Mining Roundup: Pen-and-Paper Mining, ROI Uncertainty and the Latest on Butterfly Labs
This week's roundup includes an interview with the FTC and a look inside pen-and-paper bitcoin mining.
Between predictions of a difficulty drop and the recent legal maelstrom surrounding Butterfly Labs, you might think that it was all bad news in the mining community. However, those who have been active in this market segment for long enough know it would take more these events to stop miners from hashing.
Read on to learn more about some of the latest happenings in the bitcoin mining world.
FTC pleased with Butterfly Labs reopening
The US Federal Trade Commission (FTC) has agreed to allow troubled bitcoin mining hardware company Butterfly Labs to reopen for business, albeit in a limited capacity. The decision will enable shipments to resume and, according to the FTC, set the stage for long-term action against the Missouri-based company.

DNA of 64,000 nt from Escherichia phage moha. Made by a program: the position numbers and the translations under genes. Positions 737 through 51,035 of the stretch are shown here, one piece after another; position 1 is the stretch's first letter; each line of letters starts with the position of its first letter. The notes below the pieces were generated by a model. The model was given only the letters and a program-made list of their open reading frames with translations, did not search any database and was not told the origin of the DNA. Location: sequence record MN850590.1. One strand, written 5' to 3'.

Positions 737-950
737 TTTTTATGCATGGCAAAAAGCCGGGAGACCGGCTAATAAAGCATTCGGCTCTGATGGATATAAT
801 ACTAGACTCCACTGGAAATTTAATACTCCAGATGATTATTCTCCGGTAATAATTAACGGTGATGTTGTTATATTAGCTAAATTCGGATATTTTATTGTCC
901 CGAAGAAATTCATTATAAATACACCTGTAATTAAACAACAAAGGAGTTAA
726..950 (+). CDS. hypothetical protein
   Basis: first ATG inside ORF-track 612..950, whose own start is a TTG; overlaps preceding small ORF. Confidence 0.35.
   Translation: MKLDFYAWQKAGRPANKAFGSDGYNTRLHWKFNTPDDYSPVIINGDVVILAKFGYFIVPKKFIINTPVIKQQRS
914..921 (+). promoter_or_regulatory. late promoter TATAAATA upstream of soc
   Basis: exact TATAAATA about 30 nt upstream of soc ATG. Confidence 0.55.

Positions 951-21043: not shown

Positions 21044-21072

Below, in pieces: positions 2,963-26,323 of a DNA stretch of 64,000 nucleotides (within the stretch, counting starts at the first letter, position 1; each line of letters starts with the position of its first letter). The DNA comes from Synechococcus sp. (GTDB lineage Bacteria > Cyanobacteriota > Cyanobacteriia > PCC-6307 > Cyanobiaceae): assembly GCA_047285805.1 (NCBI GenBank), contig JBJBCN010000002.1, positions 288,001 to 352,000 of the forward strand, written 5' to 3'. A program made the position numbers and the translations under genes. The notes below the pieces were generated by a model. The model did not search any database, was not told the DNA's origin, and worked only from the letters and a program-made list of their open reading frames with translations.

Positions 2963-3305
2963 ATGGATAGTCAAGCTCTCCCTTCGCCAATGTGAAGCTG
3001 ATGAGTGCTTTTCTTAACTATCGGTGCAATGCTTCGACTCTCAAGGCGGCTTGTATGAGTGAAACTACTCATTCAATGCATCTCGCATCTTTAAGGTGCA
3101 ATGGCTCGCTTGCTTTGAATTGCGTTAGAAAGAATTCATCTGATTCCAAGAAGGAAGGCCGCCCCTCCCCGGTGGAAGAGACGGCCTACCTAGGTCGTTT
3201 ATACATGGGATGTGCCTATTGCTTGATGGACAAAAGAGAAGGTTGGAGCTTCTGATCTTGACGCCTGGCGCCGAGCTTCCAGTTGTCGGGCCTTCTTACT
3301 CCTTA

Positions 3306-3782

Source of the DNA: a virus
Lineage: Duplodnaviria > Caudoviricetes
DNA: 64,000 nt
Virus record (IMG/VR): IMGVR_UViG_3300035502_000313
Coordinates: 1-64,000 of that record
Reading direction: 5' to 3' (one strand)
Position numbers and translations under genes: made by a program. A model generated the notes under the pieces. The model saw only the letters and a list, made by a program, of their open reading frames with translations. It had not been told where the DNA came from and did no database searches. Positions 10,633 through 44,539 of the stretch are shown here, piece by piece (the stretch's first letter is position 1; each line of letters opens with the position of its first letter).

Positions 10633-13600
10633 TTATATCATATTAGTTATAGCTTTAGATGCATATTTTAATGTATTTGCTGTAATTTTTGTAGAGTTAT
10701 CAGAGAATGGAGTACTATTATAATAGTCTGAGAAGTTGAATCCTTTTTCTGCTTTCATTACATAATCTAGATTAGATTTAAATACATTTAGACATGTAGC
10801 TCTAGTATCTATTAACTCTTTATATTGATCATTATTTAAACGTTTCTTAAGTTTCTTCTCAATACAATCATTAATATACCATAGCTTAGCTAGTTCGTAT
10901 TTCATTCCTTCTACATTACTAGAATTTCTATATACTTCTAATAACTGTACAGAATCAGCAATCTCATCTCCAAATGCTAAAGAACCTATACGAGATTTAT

CoinDesk spoke to FTC lawyer Leah Frazier, who confirmed that a court-appointed receiver remains in control of the company. Further, she explained that Butterfly Labs will take no new orders, and will instead process existing shipment requests.
Frazier told CoinDesk:
Frazier added that the Butterfly Labs leadership could be tasked with providing assistance to the receiver as the representative runs the company, but clarified that the management team will receive no compensation as a result of its work.